In contrast to some recent raids, however, the Luftwaffe threw up swarms of fighters. Even a Dornier bomber joined the interceptors, according to 2/Lt Robert H Winnerman, 22, of Newark, bombardier on Slo Jo.
In the words of one flier, the Germans were "queuing up for us," and Capt. Robert B. Brown, 22, of Houston, Tex., pilot of Cabin in the Sky asserted; "You don't have to aim; just stick your gun out the window and pull the trigger. We're claiming 12 German fighters."
Mission # 79 Duren, Germany - Oct. 20, 1943
The following is a description of the mission that my uncle Clement was on when his ship was shot down. He lost an eye on this mission and spent the rest of the war as a POW in Stalag XVIIB. As a result of this mission he was awarded the Purple Heart and POW Medal.
2/Lt. William R. Hartigan's Crew
Left to right - 2/Lt William R. Hartigan - 2nd Lt. Edward N. Goddard - 2nd Lt. Lorin F. Douthett - 2nd Lt. Bernard F. Dorsey -
T/Sgt. Clement Resto - S/Sgt. John W. Lowther - T/Sgt. Robert L. Ward - S/Sgt. Val F. Stoddard - S/Sgt. James T. Ince
The Charley Horse B17F # 42-29571, was shot down during the bombing of Duren. Four members of the crew 2Lt. W.R. Hartigan, 2Lt. L.F. Douthett, T/Sgt. R.L Ward, and S/Sgt. J.W. Lowther, evaded capture. S/Sgt. Dove was killed in action. The rest of the crew 2Lt. B.F. Dorsey, 2Lt. E.N. Goddard, S/Sgt. J.T. Ince, T/Sgt. C. Resto, and S/Sgt V.F. Stoddard spent the rest of the war in POW camps.
My uncle Clement after bailing out landed in Belgium. A Belgian civilian named Leonard Mercier and members of the Belgian resistance helped him. Despite their efforts, nine days later, the Gestapo in Brussels, Belgium captured T/Sgt Clement Resto. Interrogated at Saint Giles Prison and in Frankfurt, Germany; he spent the rest of the war at Stalag Luft III & Stalag 17B. I will be posting a short story written by my uncle, about that experience. I am also hoping to be able to put more information about the members of the Belgian resistance who tried to help my uncle. At this point, I am gathering and organizing information.
Caricuture of T/Sgt. Clement Resto
By Donald Bevan at Stalag XVIIB
This is a copy of my uncle Clem's war time log at Stalag 17B, Clem did a lot of the drawings in this log from personal experience, included are some of his writings reflecting his situation and his experience during the war (my two favorites in the log are "My race" and "My Future With Her"). A few of the drawings in this log he copied from drawings that other POW'S had done and some of the drawings and writings were done by fellow POW companions. The newspaper articles are from German newspapers (some in English). This slide show takes about a minute or more lo load up depending on the speed of your connection. Click on the image above to load the slide show. There are 121 pages in the log, sometimes the slide show loads up in the middle if this happens you can either right click to back track or left click to go forward with each click.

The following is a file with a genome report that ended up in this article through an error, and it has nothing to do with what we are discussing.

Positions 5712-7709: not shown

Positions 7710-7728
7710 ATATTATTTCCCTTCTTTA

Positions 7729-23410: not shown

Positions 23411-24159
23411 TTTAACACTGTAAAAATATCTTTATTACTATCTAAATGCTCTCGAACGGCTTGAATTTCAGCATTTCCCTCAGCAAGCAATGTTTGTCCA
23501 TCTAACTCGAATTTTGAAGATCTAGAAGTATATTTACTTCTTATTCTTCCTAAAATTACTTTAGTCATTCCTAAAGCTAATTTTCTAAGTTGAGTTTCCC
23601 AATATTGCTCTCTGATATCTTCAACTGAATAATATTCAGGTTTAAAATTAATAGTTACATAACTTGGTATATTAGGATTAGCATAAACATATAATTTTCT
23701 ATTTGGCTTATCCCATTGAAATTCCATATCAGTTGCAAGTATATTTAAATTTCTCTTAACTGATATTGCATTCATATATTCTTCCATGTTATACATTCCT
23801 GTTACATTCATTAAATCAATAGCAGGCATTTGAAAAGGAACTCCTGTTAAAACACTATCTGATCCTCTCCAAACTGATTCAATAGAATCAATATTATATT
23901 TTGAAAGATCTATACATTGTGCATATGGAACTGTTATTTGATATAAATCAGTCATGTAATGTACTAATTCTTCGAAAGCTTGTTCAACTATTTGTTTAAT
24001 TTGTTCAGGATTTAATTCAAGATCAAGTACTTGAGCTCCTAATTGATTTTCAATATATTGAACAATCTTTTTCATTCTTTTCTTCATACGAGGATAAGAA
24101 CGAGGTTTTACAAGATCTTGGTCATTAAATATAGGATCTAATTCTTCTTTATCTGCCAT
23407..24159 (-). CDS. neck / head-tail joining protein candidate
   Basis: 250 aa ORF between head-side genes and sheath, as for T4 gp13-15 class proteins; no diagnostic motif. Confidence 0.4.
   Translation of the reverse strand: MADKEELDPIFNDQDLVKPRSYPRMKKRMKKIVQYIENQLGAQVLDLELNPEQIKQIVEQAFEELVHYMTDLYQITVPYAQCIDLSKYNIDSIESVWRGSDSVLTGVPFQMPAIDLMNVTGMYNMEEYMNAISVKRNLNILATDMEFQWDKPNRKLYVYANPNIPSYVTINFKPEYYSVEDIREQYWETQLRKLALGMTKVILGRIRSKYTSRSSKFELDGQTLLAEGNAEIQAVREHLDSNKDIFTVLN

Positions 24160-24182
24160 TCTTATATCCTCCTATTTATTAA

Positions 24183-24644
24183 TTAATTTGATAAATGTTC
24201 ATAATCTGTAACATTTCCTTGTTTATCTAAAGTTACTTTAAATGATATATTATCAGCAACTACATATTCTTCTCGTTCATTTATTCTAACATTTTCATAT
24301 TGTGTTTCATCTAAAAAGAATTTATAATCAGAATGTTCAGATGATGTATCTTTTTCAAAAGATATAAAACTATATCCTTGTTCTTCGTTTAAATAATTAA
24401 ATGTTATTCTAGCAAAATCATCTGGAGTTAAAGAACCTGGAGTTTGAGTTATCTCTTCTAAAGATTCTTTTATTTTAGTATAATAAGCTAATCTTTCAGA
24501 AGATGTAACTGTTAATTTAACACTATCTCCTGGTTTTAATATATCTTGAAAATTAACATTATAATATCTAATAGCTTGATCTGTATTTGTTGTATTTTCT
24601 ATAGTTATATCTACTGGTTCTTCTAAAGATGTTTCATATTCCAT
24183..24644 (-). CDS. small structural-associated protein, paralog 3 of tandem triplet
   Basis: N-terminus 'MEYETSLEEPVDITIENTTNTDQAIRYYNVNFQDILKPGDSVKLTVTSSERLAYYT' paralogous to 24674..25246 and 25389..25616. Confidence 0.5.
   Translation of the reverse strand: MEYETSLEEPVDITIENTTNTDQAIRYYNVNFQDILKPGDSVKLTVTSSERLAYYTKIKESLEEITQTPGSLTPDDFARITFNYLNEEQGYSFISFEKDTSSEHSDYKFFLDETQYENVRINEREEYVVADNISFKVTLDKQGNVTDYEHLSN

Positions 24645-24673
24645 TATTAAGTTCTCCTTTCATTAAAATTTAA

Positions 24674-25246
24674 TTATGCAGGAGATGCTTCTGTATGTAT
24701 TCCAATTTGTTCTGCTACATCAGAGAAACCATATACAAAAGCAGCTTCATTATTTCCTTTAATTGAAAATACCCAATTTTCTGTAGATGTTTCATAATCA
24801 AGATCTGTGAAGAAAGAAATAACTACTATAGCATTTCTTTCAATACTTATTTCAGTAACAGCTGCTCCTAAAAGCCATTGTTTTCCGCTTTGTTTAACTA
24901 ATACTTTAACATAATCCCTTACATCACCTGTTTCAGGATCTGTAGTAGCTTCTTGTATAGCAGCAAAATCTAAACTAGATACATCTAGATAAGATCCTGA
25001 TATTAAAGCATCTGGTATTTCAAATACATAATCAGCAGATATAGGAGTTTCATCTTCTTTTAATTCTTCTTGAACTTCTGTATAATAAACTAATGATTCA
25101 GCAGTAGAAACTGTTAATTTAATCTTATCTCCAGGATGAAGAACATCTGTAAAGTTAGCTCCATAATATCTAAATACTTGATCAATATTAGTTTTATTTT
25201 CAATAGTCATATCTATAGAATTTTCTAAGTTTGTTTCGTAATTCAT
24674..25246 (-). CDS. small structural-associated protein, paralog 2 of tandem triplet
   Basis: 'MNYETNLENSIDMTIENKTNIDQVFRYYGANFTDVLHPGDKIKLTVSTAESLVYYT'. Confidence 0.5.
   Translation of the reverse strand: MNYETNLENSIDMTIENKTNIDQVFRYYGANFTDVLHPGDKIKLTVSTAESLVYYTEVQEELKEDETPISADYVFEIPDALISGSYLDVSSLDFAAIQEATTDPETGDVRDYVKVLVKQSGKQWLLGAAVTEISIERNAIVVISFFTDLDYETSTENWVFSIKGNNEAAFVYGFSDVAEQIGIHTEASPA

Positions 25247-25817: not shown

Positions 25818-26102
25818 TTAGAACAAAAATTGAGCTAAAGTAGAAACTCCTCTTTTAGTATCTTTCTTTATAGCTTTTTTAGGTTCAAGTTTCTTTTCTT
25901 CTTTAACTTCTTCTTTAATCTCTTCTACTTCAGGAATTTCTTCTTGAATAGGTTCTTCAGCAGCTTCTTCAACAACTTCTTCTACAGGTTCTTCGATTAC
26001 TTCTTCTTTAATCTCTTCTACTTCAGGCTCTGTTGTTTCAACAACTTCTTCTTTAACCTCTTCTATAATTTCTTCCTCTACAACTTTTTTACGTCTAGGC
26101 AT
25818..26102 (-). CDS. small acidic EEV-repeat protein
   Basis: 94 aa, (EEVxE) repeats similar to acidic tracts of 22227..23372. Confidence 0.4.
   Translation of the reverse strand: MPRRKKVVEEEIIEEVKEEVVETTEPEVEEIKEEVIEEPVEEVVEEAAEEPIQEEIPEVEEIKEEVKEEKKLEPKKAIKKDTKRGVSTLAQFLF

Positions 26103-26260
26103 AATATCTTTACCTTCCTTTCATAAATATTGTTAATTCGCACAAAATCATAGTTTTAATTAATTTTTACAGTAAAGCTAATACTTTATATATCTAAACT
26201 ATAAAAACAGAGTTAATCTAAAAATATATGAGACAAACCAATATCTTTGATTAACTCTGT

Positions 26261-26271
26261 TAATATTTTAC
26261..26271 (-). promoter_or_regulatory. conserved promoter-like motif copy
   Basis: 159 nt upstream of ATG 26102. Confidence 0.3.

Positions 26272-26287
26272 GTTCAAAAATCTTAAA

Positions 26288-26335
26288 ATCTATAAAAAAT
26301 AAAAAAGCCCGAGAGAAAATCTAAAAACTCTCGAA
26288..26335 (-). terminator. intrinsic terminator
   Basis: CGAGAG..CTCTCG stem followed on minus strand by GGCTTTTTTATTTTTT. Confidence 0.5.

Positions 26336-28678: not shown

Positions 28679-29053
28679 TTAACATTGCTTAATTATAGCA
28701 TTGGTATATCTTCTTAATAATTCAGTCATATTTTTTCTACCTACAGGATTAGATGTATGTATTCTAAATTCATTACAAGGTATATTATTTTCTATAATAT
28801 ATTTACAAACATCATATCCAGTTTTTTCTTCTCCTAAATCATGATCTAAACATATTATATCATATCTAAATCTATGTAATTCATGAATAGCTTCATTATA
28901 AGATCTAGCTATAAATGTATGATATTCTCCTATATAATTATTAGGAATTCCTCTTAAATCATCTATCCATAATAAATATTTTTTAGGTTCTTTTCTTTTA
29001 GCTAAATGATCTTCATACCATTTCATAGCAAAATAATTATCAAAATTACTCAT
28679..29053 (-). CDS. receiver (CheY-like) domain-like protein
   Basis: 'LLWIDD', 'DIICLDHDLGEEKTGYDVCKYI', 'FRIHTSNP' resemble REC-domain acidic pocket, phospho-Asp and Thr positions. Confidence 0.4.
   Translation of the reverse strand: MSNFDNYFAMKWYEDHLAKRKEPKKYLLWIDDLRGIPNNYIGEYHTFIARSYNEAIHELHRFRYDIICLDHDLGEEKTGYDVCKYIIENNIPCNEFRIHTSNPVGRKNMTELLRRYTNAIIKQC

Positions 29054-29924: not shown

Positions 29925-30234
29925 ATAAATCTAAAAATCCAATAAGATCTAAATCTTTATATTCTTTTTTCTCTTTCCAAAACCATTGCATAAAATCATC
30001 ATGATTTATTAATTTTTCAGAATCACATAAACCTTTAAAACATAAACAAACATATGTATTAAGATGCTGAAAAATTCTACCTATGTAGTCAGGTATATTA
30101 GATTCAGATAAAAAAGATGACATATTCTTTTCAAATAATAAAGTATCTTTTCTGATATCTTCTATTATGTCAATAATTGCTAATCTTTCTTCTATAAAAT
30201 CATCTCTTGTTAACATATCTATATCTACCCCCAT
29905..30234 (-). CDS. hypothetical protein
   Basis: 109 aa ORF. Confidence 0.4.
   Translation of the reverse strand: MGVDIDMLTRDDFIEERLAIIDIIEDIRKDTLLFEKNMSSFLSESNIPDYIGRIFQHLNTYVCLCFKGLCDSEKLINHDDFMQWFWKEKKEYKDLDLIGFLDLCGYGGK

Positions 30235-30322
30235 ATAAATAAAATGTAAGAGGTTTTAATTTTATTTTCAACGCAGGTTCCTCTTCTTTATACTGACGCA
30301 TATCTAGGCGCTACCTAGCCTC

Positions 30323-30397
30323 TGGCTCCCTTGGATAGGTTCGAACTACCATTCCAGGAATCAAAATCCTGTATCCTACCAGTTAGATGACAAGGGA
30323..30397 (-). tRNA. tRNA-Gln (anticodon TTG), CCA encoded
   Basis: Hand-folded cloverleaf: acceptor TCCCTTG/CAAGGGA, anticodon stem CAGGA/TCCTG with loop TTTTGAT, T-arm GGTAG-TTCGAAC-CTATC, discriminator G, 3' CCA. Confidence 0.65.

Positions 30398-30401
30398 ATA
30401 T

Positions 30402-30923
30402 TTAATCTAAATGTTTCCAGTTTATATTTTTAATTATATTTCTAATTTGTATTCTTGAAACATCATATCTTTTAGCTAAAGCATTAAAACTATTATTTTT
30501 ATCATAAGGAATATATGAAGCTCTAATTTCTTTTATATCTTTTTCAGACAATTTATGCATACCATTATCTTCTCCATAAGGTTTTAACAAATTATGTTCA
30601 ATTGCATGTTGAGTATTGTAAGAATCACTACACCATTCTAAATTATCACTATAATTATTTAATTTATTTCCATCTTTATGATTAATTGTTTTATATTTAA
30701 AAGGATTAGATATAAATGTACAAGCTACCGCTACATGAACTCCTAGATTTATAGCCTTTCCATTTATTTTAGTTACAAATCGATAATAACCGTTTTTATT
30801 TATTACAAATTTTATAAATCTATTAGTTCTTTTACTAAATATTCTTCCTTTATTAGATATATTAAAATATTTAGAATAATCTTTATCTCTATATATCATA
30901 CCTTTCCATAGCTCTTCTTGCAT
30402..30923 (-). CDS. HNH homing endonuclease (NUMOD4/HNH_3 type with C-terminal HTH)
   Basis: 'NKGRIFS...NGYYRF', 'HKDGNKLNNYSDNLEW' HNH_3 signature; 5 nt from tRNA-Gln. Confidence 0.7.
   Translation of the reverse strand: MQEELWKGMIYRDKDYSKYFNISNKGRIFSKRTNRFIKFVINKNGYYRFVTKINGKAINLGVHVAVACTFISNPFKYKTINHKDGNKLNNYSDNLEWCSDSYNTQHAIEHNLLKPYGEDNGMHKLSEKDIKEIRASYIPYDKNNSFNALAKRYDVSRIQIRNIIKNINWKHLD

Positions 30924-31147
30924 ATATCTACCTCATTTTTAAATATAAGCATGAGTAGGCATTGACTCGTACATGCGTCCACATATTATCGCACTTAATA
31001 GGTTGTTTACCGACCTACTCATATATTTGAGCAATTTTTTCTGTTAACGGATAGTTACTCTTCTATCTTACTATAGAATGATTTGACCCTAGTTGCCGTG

My uncle did the drawings in this slide show while he was a POW at Stalag 17B.
The slides take about 30 seconds to load.
T/SGT Clem Resto in POW group photo (last row 8th left to right) taken in Berlin
November 4,1944 a few months before being repatriated.
My uncle Clement was repatriated to the United States on the Exchange Liner Gripsholm, for more information on this ship click on the photo and you
will be taken to Lars Hemingstam's website which is dedicated to the Gripsholm and the Swedish American Line.
Letter of repatriation from
President Franklyn D. Roosevelt
When my uncle T/Sgt Clement Resto was repatriated from Stalag 17B in early 1945, he brought home with him the names and addresses of about 400 fellow POW’s, so that he could write to their families to let them know that they were all right. He wrote to the families and they wrote back. I have about 200 + letters from those families which I am going to post on this page. As a child I always enjoyed reading the letters. I’ve been thinking that maybe the people that wrote the letters or their descendents would like reading them too. Included are letters from the family and friends. I will try to upload a few every day.
A Soldier Gets A Plastic Eye
THE FITTINGS ARE COMPLETED. Sgt. Roland R Herbert
came from Camp Kilmer for a re-fitting.
Plastic eyes owe their origin to false teeth. The plastic compounds that appear in artificial dentures are the basic materials of the new prostheses (artificial eyes) that have proven so superior to the glass variety.
The plastic eye just had to be developed after World War II began, because the special glass for the older type of artificial eye was manufactured only in Germany. Major Victor M. Dietz, now chief of HGH’S Plastic Eye Section, and two other Army dental officers, created the new plastic prostheses at Valley Forge General Hospital.
The plastic eye is greatly superior to the glass prostheses. It is unbreakable: You can drop it, or step on it with your heel. The eyes look natural, and have every color of natural eyes, as near as possible to the anatomical structure where those colors appear in the real eye. They are like real eyes, and do not have the motionless stare so typical of the glass variety.
Halloran’s magnificent Plastic Eye Clinic and Laboratory is under the supervision of Major Dietz. NCO assistant to Major Dietz is Tec 4 David Grossberg. Sgt. Ellis Simpson does veining and modifying of eye color. T/Sgt. Robert B. Scott makes wax impressions which are cast in dental stone. All casts are reproduced by dental methods. Cpl. Bernard Greenwald and Pfc Richard M. Norman work in the plastic laboratory and do processing. The extremely delicate job of painting the irides in true, subtle natural colors is performed by Pfc Marvin Maurer.
Within the space limitations of this picture story, it is impossible to describe all the interesting and often, complicated details that taken together are responsible for the wonderful prostheses which is so realistic that only the expert can distinguished it from the real thing. We have just enough space to let you see what T/Sgt. Clement Resto, a patient, saw the day he came for his plastic eye. (Photos by Tec 5 Bill Baumbach. Major Dietz photo by Sgt. J. Pimper)
T/Sgt Clement Resto - Home again